That’s perfect. And there’s an additional concept I want to introduce here before I talk about how you add AI into that. But the additional concept is one I got from Tim Ferriss, which is a concept of the compounding effect of free time.

If you’re at like 99% capacity, that’s too much capacity. But if you get to the point where you’re at 98% capacity, well, you have 2% left over to start working to get to 97, and they have 3% and they start going to 96. So basically, the more slack and capacity you have, the more of that can be applied to automating and cleaning things up. And so I, early on in my automation and AI career, very often would find things a little bit too trivial, like, okay, that’s going to save us, what, 15 minutes per week? Is that really worth it?

And the answer was yes, absolutely. And I had the same experience hiring a personal assistant. There’s a dozen five minute tasks that added up to an hour, and I never thought they would really matter. But by golly, freeing up that even just 1 hour across twelve different five minute tasks, I had the capacity to start automating more and more and more. And so this can go too far.

It absolutely can. I don’t want to say it’s an unquestionable virtue, but we shouldn’t underestimate compounding free time.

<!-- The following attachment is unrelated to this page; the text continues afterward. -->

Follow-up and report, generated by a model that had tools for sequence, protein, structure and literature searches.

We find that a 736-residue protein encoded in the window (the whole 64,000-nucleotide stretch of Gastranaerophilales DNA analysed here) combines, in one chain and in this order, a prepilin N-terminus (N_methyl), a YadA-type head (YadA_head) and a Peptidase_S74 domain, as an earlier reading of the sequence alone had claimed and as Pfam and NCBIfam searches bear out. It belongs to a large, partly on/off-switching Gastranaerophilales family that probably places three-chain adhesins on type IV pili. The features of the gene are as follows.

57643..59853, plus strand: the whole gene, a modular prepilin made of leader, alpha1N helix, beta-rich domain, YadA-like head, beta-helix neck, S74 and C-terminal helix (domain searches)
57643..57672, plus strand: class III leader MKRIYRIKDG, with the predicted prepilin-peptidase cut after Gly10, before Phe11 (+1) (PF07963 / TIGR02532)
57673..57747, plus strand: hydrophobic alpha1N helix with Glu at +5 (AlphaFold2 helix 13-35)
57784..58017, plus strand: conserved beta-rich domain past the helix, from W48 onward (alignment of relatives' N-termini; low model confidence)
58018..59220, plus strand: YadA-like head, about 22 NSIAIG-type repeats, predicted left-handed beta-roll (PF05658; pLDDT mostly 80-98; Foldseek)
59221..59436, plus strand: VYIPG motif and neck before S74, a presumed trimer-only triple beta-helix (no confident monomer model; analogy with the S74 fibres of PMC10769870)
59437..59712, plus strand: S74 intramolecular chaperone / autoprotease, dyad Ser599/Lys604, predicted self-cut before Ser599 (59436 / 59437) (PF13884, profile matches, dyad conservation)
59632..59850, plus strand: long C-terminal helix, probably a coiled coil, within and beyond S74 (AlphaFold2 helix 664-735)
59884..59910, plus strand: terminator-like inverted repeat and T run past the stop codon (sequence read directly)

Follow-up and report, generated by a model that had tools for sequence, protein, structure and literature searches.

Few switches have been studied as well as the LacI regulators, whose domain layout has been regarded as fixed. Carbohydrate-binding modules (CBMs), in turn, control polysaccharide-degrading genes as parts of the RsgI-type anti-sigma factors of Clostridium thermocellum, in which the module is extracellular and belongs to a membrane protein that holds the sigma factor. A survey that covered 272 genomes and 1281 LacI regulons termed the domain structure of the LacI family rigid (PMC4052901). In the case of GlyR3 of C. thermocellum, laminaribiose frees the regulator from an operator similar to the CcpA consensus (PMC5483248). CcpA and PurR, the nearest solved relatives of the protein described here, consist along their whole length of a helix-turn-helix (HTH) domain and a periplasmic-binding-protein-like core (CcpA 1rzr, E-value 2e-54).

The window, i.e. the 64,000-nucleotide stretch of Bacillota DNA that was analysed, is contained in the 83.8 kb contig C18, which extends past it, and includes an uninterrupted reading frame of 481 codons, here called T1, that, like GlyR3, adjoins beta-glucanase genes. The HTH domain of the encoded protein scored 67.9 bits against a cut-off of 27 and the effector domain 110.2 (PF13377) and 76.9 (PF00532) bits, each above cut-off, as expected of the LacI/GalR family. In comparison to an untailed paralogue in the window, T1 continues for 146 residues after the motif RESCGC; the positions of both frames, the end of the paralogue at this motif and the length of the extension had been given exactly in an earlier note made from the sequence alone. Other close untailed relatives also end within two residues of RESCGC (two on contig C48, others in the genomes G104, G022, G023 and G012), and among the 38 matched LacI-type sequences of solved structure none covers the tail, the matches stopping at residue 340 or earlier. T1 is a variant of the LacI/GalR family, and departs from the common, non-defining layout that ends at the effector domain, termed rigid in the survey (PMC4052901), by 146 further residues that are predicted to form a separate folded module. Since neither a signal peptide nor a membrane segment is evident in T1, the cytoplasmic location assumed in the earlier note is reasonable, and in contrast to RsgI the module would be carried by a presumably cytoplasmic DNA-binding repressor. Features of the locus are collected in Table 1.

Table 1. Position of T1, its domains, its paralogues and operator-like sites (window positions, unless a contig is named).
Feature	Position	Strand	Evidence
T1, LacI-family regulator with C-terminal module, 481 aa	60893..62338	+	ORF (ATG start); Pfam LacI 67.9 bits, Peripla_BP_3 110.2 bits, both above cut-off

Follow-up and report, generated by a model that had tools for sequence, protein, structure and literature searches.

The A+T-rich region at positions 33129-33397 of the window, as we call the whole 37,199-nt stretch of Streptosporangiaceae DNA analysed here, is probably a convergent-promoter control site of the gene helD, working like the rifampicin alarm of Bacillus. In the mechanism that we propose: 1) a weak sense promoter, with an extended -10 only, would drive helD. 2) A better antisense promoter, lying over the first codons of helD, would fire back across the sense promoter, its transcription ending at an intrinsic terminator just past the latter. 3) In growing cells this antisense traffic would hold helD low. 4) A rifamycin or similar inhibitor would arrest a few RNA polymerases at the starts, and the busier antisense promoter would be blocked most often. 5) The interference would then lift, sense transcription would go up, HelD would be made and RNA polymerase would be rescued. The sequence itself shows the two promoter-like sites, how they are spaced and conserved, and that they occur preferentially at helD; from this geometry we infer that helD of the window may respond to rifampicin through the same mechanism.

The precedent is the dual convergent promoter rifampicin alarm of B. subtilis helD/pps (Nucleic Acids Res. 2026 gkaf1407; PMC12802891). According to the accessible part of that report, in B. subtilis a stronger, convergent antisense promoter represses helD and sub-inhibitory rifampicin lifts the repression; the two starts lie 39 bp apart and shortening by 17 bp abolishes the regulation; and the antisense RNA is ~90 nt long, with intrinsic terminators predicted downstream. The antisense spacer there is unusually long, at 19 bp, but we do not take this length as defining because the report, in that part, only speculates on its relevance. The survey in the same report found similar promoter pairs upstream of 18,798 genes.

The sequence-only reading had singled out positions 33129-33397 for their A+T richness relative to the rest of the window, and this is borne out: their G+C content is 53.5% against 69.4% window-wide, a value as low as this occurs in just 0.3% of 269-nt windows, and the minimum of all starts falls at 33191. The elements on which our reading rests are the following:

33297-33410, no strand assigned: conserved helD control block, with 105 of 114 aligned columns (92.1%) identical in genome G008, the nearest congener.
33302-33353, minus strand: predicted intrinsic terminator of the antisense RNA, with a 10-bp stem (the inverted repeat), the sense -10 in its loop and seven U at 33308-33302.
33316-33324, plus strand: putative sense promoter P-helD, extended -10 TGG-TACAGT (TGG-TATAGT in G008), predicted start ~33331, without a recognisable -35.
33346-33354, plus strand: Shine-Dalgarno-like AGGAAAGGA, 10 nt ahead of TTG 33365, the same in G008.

Absolutely. And it’s, again, another area I look at when I’m working with clients. Business owners can be control freaks and they can get involved in everything. And one of the things we’re looking at is to remember the context of we want the business to be worth more so that they can exit it. And if they’re involved in doing things themselves as control freaks, then it’s not worth as much. So one of the things that we get business owners to look at is we go, let’s have a look at all the tasks you get involved in during the week, and let’s have a look at what you get paid or what you should get paid. And let’s break that down to an hourly rate and then we’ll start matching any of those tasks you’re doing now. And if you could pay someone less than the hourly rate you pay yourself to do them, they’re the first tasks that you should be handing off.

And that is, in hindsight, as simple and as obvious as it sounds, it’s just getting it to that level of granularity and oh, 30 pounds an hour, 100 pounds an hour, whatever the number is, is a trigger. And it just helps the business owner to go, oh, yeah, I should be letting that one go. And then we go, okay, so let’s train the person to do it the way you do it. And once they learn how to do it your way, then we know you’re going to be happy. So that way you can delegate, know it’s going to be done the way you want it to be done.